The National Catholic Review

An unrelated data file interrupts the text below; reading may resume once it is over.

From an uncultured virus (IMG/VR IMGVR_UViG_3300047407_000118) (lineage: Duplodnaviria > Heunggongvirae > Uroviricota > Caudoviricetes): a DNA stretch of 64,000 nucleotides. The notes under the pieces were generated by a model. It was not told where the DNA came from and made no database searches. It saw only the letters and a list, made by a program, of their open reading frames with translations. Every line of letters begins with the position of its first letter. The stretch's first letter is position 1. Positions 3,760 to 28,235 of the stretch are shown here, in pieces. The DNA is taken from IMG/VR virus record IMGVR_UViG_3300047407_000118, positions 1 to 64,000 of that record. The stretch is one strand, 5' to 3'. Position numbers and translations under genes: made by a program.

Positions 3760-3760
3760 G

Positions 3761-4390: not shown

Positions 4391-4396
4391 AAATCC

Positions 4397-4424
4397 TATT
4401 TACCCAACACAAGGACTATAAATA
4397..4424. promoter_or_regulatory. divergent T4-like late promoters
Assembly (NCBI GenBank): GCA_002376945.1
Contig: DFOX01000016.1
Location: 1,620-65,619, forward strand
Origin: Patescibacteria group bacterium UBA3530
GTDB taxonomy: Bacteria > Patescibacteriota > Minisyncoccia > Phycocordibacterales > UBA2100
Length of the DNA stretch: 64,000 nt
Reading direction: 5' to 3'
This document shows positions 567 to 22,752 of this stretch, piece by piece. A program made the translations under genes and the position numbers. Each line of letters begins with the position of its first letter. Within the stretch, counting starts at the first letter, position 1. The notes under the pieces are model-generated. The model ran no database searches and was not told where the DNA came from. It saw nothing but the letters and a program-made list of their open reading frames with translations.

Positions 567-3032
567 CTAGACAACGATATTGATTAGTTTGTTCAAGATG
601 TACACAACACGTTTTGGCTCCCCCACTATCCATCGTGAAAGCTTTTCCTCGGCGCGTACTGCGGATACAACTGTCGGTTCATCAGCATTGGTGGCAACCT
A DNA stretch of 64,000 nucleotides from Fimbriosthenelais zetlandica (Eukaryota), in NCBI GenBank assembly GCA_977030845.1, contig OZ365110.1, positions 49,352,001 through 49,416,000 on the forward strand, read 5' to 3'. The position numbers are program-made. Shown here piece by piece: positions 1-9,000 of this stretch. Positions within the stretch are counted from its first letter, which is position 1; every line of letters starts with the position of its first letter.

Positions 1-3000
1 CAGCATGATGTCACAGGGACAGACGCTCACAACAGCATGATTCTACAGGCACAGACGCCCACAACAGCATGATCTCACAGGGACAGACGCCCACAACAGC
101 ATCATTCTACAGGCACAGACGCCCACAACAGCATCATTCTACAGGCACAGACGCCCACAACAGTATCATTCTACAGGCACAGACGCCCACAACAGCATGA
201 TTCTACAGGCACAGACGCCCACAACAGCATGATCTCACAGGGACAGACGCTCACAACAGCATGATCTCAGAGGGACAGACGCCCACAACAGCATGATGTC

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With countries around the world undergoing reorganization after wars, nonviolent revolutions and, in the Sudan, a vote to split apart, the Catholic Church’s example for development holds valuable lessons. So said the economist Paul Collier in an address on Feb. 15 to the annual Catholic Social Ministry Gathering in Washington. Collier, the author of The Bottom Billion: Why the Poorest Countries Are Failing and What Can Be Done About It, has been urging that developing countries follow the church’s example in providing basic services to the poor. What the Catholic Church has known for at least a century, he said, is that "what makes people committed to their work is not primarily financial incentives, it’s internalizing the objectives of the organization.”

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